CNY Economy Should Continue Growing, but Some Factors Could Limit Prosperity after Strong 2019
Plenty of signs show good things ahead for the Central New York economy. But analysts are also warning that there are some factors that could at least be ‘headwinds’ against growth.
M&T Bank Economist Gary Keith gave his forecast at the annual Centerstate CEO economic check-up Wednesday. He finds three years of growth in the region good news, after up-and-down performance that led to uncertainty. And it’s showing up in record low unemployment.
“You look at the progress we’re making in economic opportunities, over 7000 new jobs embedded in this trend vs. less than half of that a year ago. Inside that process though we have a labor-force issue. Where do we go to get that next new employee? How low can we drive this number.?”
Sings of optimism are tempered with concerns on several fronts. Not enough workers for certain jobs could stall growth; continued population decline also shrinks the market for goods and services that drive the economy. Lieutenant Governor Kathy Hochul counters that with data that shows the area is reversing the brain drain of younger, educated residents.
“But the best indicator I see for the future is the fact of us not losing 9, 10, 12% of our young people. From 2010 to 2018, that trajectory reversed and is up almost 8 %. What a swing that is.”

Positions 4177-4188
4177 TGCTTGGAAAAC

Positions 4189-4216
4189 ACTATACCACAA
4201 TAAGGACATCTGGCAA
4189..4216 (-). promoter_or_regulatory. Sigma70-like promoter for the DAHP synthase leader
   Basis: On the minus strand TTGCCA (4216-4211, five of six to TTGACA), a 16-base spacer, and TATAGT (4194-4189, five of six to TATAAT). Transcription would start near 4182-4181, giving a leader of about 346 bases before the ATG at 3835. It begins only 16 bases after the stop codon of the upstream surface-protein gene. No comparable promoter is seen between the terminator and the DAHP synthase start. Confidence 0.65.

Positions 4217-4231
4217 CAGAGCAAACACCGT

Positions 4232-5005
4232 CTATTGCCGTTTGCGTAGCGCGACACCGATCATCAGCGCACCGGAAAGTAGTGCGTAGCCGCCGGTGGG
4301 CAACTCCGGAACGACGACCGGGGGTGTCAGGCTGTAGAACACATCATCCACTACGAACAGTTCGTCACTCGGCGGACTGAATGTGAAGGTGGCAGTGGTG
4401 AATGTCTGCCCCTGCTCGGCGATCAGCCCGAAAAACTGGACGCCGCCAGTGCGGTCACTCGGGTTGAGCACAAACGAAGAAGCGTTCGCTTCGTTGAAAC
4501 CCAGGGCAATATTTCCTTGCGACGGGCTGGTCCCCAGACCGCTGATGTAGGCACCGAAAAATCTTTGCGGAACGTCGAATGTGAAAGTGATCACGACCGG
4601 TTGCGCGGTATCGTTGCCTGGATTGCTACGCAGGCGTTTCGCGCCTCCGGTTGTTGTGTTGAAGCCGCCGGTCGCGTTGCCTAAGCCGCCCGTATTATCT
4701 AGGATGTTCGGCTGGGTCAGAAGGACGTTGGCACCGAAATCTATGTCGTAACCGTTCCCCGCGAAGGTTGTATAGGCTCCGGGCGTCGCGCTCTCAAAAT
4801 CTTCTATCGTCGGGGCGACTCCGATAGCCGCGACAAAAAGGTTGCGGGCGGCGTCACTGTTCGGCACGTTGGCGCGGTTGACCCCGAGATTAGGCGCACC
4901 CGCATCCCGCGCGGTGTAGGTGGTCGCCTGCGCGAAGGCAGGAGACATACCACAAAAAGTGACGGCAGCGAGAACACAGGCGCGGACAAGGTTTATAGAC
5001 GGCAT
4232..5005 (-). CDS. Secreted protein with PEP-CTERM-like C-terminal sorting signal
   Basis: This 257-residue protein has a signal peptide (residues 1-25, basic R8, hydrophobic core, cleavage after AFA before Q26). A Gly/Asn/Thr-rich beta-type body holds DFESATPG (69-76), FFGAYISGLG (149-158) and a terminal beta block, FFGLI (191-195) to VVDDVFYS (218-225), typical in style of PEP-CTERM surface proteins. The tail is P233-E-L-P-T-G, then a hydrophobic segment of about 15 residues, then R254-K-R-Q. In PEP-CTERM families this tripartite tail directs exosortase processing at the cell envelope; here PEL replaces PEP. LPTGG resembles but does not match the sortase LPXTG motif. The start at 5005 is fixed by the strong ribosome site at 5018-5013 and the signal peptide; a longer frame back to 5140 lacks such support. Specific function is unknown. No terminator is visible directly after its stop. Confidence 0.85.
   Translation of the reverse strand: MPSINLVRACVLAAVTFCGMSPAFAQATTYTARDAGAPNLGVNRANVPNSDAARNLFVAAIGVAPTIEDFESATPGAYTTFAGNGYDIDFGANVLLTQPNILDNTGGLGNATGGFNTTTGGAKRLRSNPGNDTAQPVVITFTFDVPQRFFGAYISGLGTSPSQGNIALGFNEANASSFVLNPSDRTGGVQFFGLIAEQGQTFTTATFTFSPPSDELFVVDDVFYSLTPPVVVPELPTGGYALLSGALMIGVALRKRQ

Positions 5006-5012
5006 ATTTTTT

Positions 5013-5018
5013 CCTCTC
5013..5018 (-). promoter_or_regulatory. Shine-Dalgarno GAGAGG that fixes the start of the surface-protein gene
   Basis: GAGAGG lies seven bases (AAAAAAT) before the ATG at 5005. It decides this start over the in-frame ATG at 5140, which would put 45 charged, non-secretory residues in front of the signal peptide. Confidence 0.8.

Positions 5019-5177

Centerstate President Rob Simpson adds the city of Syracuse, in particular, has grown in 25-to-34 year-olds. He’s also finding a positive outlook among area businesses surveyed about their future.
“… with 76% anticipating a strong to very strong year ahead. 49% expect to make capital investments; 70% expect sales and revenues to expand in 2020; 65% of you say you expect to be hiring in the next 12 months.”
He credits that momentum to plans that are starting to pay off, such as the tech garden, investments in downtown Syracuse, other economic incentives, and collaboration with local government. Simpson also believes growth and opportunity are impacting poverty. (see Simpson's presentation here)
"There is reason to be hopeful that the critical problem is at minimum, no longer getting worse and may in fact be starting to turn the corner. Since 2012, Black and African American poverty has gone down 3 %. For Hispanics and Latinos, poverty went down more than 11 %, outpacing Rochester, Buffalo and Detroit.”
Looking ahead, Governor Cuomo’s inclusion of a proposed $70 million dollars for the Syracuse STEAM school can also help job training to assist future growth.